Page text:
Let $a,q,N$ be integers such that $N/2 \leq q \leq N$ and $a/q \notin \mathbb{Z}$.

Is the following estimate true, and, if so, how can it be proved? \[\left|\sum_{1 \leq p \leq N} \exp(2\pi i p a/q) \right|\leq |a|^{o(1)} N^{o(1)},\] where $f(x)=x^{o(1)}$ means $\lim_{x \rightarrow \infty}\frac{\log f(x)}{\log x}=0$, or equivalently $f(x) = O_{\epsilon} (x^{\epsilon})$ for all $\epsilon > 0$. Can it be obtained, for example, from Vinogradov-type estimates?

It would even be useful to know whether the estimate holds in the following average sense: $$\sum_{\substack{N/2 \leq q \leq N \\ a/q \notin \mathbb{Z}}} \left|\sum_{1 \leq p \leq N} \exp(2\pi i p a/q) \right|\leq |a|^{o(1)} N^{1+o(1)}.$$

$N$ may be assumed to be as large as required.

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    $\begingroup$ A bound this strong seems really unlikely. I don't think we can have more than logarithmic cancellation, because by the prime number theorem there are significantly more primes closer to 0. $\endgroup$ – Will Sawin Jan 27 '17 at 5:15

No, this is definitely not true. First of all, there's no way we should expect better than square-root cancellation in an exponential sum without an incredible amount of structure, which the primes do not possess. Second, it's known to be false for certain rational numbers, and conditionally known to be false for all rational numbers, because then the exponential sum essentially counts primes in arithmetic progressions.

For example, take $\frac aq=\frac14$; then $$ \sum_{p\le x} e^{2\pi i p a/q} = \sum_{p\le x} e^{\pi i p/2} = -1 + i \big(\pi(x;4,1) - \pi(x;4,3) \big), $$ where $\pi(x;4,b)$ denotes the number of primes up to $x$ that are congruent to $b$ (mod $4$). Littlewood proved that the quantity in parentheses is $\Omega(\sqrt x \log\log\log x/\log x)$, which is far larger than $x^{o(1)}$.

  • $\begingroup$ I understand the first estimate is false for some specific pairs $(a,q)$. Is it possible that the first estimate or the average estimate holds for sufficiently large $N$ or for an increasing sequence $(N_k)_{k=1}^{\infty}$? When you say "conditionally" you mean "conditionally on GRH"? $\endgroup$ – Linden Jan 27 '17 at 18:38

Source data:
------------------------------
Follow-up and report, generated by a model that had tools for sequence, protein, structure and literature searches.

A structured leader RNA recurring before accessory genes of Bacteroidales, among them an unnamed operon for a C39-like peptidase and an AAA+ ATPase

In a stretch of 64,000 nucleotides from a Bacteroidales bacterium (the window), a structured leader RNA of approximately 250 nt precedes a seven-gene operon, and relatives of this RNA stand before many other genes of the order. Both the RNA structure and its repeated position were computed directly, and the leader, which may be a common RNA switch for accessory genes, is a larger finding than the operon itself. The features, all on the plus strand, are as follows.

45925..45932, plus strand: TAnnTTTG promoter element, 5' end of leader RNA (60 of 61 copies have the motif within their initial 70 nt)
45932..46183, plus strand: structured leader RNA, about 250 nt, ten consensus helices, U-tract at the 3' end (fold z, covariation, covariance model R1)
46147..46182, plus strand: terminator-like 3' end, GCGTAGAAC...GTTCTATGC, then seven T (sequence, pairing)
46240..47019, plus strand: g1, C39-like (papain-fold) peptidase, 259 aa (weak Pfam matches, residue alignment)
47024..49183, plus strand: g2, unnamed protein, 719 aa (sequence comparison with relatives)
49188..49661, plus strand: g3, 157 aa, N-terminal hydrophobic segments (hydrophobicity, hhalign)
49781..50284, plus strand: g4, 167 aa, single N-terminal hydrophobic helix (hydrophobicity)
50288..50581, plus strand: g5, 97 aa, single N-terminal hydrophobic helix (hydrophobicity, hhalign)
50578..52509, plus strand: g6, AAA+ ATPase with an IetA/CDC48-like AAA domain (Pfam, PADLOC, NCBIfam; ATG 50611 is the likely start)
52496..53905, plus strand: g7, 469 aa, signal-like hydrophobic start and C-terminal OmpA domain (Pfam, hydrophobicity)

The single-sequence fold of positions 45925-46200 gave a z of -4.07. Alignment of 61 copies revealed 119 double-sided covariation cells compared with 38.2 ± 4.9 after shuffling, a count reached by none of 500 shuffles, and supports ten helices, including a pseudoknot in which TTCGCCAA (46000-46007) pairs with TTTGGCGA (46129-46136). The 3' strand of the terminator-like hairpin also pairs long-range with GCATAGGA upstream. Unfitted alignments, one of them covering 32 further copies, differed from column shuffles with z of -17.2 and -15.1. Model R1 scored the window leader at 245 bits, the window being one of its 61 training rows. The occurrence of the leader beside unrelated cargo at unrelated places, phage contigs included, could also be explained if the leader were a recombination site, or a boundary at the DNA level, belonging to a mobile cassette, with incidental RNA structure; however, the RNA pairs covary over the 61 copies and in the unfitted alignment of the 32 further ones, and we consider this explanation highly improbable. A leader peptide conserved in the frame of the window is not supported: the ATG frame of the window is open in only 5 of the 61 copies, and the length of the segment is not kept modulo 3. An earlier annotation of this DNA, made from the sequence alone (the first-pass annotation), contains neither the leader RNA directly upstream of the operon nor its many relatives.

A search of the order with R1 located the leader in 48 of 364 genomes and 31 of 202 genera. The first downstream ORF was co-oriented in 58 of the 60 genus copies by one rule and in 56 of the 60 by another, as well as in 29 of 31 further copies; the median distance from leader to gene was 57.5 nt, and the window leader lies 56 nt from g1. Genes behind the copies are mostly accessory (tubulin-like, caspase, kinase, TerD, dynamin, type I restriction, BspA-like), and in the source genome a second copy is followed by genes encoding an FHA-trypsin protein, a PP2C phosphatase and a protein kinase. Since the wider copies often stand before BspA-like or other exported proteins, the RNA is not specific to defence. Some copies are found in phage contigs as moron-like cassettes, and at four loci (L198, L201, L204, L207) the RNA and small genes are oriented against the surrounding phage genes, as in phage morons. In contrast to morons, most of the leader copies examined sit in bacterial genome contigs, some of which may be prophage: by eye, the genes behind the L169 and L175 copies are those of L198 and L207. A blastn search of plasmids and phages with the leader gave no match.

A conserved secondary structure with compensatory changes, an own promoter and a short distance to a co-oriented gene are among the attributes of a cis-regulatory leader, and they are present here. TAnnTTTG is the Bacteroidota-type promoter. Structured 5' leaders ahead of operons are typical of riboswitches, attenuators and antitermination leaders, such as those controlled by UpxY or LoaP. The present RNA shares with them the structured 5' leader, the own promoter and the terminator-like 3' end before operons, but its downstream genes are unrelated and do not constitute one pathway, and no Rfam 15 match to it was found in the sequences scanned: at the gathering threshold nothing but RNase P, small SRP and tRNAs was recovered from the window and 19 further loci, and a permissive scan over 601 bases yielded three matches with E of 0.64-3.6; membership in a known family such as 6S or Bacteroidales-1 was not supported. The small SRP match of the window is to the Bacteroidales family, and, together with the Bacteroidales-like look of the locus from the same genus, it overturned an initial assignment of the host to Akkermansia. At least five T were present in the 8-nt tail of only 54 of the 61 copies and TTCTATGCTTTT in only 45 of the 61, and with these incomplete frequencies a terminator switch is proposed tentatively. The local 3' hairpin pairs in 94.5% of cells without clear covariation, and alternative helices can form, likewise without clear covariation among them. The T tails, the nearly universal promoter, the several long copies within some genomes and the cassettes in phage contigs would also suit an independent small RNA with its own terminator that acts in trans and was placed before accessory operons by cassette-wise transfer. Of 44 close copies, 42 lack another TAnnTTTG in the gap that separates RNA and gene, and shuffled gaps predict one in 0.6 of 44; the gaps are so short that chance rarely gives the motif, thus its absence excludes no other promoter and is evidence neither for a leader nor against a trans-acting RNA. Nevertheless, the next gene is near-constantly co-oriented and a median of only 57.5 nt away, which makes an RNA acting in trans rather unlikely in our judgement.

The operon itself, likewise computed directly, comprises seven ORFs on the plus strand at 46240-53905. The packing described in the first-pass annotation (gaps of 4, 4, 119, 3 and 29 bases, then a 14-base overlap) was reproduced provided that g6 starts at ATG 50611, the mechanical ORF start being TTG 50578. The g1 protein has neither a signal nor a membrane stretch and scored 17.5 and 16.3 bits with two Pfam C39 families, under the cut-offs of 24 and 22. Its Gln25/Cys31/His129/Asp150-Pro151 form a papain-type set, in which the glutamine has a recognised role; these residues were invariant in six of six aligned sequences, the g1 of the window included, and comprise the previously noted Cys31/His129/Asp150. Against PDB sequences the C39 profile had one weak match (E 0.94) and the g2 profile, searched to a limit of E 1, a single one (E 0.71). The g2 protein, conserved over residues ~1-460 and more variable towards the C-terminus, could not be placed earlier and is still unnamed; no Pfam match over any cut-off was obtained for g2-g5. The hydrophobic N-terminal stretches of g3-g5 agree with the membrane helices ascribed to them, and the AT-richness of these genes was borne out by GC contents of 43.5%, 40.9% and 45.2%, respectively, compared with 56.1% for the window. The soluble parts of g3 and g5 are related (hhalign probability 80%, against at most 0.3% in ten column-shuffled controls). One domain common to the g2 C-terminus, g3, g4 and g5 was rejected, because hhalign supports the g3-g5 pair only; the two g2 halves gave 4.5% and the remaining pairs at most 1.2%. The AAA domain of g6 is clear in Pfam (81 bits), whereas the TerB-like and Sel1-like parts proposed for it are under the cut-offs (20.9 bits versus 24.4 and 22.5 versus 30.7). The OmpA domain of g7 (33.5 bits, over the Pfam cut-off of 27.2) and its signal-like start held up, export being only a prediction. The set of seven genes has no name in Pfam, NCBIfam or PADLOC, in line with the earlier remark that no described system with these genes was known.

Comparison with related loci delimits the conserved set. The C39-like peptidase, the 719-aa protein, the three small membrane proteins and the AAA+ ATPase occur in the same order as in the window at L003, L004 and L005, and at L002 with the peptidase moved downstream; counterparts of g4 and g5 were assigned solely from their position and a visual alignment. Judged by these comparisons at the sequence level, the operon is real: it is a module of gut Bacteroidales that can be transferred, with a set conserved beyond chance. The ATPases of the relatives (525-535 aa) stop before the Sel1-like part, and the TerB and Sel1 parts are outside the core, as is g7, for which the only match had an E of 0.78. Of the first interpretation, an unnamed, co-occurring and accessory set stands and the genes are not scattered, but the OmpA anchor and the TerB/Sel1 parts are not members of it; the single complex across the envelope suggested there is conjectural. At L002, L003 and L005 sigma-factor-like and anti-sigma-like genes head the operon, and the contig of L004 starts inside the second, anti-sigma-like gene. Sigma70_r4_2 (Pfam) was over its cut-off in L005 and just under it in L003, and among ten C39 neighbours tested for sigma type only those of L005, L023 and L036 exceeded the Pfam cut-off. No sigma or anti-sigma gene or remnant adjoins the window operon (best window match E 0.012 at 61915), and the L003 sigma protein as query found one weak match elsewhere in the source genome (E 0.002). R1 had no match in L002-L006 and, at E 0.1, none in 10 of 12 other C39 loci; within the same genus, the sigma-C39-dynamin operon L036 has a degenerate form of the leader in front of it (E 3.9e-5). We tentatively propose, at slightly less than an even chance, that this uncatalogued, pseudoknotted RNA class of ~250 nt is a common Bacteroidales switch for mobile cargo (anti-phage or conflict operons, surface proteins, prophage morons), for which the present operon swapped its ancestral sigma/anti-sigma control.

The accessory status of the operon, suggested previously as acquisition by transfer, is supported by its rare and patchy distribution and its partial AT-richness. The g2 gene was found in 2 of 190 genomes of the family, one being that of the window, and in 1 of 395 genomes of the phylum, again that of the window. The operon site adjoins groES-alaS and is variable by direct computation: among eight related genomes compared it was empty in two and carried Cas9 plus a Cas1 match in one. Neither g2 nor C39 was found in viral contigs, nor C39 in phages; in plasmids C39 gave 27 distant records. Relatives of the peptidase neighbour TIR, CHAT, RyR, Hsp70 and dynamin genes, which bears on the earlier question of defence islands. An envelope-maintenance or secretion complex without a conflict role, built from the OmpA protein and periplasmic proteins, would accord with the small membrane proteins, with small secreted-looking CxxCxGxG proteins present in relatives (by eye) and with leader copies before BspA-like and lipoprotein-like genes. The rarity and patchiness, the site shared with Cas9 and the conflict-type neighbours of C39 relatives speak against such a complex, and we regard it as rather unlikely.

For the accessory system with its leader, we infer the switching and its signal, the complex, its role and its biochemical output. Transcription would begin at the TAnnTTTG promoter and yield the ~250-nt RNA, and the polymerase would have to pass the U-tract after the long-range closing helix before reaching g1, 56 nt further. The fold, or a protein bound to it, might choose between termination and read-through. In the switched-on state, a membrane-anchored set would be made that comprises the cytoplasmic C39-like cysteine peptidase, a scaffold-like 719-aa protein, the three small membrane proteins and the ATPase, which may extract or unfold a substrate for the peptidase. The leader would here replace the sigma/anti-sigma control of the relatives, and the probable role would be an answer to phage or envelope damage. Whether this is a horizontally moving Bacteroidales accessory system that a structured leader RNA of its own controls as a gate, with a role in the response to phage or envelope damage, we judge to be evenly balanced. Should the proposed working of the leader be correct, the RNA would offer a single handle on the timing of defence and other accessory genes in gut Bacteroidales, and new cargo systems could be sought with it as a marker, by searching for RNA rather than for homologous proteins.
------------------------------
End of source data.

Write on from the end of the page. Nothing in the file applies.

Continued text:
• $\begingroup$ What type of structure is needed to obtain sufficient cancellation? $\endgroup$ – Linden Jan 27 '17 at 18:43
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    $\begingroup$ Asking the estimate to hold for an increasing sequence $\{N_k\}$ is probably true, but really not the right question to ask. A good analogy is a random walk on the integers (each step is $+1$ or $-1$ each with probability $1/2$): it's not the case that the position of the random walk at time $N$ is $N^{o(1)}$—it's more like $N^{1/2}$. But of course a random walk will cross from positive to negative and back, and while it's crossing, it's $O(1)$ even. So occasionally it's small, but not for any real reason. $\endgroup$ – Greg Martin Jan 27 '17 at 19:19
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    $\begingroup$ The average estimate is even worse, because you're forcing $p$ and $q$ to be the same size, which (for small $a$, say) will completely skew the distribution to one side. There are known exponential-sum techniques for dealing with sums with a smoothly varying component like $1/q$: I recommend reading Montgomery's "Ten Lectures" for example. $\endgroup$ – Greg Martin Jan 27 '17 at 19:21
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    $\begingroup$ Yes, "conditionally" means "conditionally on GRH". As for structure, something as strong as an arithmetic progression (so that the sum is a geometric series) is basically needed. $\endgroup$ – Greg Martin Jan 27 '17 at 19:22

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